Organised Labour berates Abia Govt.’s Failure to pay Gratuities for 15 years


The organised labour in Abia state has berated the state government’s failure to pay gratuities to its retirees for the past 15 years.

The groups, comprising the Trade Union Congress (TUC) and the Nigeria Labour Congress (NLC), decried the development during the Workers’ Day celebration in Umuahia.

In their separate comments, the chairmen of the two bodies also expressed worry over state government’s inability to offset pension arrears.

They said that the arrears ranged from 15 months to two years.

They further decried the non-payment of arrears of workers’ salaries, ranging from two to nine months, including those of primary and secondary school teachers.

Other categories of workers included health workers, Abia State Polytechnic and local government councils.

Chief Uchenna Obigwe, the state’s NLC Chairman, attributed the non-payment of gratuities to the absence of government guidelines and clear-cut schedule for the payment.

Mr. Obigwe alleged that gratuities were only paid to retirees that had close relationship with government, while those without connection were left to languish in penury many decades after their retirement.

He appealed to Gov. Okezie Ikpeazu, to set aside N150 million monthly, “or any reasonable amount convenient to the government,” to address the issue.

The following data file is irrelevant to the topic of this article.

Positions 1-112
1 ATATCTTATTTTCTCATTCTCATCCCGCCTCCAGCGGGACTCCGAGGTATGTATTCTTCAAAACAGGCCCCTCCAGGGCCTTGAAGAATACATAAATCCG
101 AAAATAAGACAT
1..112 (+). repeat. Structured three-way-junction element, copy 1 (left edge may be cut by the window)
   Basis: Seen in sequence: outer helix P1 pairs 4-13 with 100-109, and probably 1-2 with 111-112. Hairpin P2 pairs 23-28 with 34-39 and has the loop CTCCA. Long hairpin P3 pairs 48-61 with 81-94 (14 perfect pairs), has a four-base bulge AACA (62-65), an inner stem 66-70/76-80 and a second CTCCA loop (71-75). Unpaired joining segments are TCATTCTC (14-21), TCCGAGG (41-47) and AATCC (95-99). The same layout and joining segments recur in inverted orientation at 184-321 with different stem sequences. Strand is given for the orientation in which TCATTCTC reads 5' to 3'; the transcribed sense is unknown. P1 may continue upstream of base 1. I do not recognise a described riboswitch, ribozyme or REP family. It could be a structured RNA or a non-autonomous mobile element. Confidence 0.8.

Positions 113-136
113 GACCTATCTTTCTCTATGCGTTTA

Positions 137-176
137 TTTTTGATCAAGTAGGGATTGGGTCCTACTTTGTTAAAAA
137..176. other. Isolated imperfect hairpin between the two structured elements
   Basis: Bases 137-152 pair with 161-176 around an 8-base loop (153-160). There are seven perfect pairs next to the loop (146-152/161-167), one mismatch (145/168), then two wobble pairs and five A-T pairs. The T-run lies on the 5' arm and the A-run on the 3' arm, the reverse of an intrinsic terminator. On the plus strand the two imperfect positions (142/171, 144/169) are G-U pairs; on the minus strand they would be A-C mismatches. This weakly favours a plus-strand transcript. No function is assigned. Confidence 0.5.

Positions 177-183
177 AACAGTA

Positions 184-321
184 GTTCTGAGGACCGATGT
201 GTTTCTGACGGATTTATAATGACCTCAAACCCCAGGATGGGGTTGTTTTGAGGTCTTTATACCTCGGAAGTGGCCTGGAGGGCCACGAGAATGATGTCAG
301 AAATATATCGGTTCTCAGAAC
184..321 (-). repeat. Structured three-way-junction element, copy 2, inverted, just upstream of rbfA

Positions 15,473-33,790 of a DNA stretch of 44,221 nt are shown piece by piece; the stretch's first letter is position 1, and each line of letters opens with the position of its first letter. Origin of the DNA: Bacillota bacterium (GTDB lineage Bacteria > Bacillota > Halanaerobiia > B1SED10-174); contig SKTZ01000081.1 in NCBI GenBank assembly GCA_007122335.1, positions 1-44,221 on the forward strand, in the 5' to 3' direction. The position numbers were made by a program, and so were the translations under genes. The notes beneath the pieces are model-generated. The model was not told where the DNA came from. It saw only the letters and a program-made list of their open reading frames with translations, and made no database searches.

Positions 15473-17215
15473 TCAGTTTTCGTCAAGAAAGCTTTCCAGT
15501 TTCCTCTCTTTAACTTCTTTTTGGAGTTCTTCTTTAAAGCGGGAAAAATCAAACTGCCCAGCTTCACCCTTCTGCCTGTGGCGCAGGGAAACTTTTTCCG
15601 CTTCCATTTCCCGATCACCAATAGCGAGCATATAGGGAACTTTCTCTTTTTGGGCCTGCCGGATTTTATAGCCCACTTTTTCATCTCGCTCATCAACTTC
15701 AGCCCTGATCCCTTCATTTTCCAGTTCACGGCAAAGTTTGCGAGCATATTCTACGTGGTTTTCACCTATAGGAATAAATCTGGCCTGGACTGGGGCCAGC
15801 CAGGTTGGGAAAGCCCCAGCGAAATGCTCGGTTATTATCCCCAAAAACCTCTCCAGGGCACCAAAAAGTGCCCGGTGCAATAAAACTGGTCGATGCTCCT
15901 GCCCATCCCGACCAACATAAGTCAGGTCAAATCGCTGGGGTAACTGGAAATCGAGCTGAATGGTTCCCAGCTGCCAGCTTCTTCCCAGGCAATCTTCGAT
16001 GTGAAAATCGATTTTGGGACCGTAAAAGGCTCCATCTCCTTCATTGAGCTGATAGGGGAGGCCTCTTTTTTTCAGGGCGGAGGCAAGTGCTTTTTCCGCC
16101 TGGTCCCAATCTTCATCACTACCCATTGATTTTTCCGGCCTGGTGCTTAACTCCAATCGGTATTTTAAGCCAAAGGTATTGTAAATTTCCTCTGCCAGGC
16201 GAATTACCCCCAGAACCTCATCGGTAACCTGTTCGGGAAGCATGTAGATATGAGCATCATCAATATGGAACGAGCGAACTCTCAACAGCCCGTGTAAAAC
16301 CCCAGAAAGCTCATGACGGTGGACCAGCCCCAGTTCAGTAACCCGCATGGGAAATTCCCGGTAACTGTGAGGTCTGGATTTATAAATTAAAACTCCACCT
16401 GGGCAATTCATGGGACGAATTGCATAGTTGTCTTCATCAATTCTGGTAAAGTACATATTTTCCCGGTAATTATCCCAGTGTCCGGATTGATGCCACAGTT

He also advised the governor to set up a committee that would handle the payment in order to avoid discrepancies and ensure that those who retired earlier were given priority.

Speaking in a similar vein, TUC Chairman, Chief Christopher Okpara, recommended the setting up of a special fund monthly for the payment of gratuities in the state.

The two labour leaders wondered why the 2014 and 2015 promotion arrears were yet to be paid, and appealed to the governor to issue a directive for the payment without further delay.

They regretted that government was yet to release the results of the 2016 promotion examination, while the 2017 promotion examination was yet to be conducted.

They spoke on the ongoing negotiation for a new minimum wage of N66,500, between the Federal Government and organised labour.

They expressed the hope that the negotiation would be concluded before September and urged workers to be patient.

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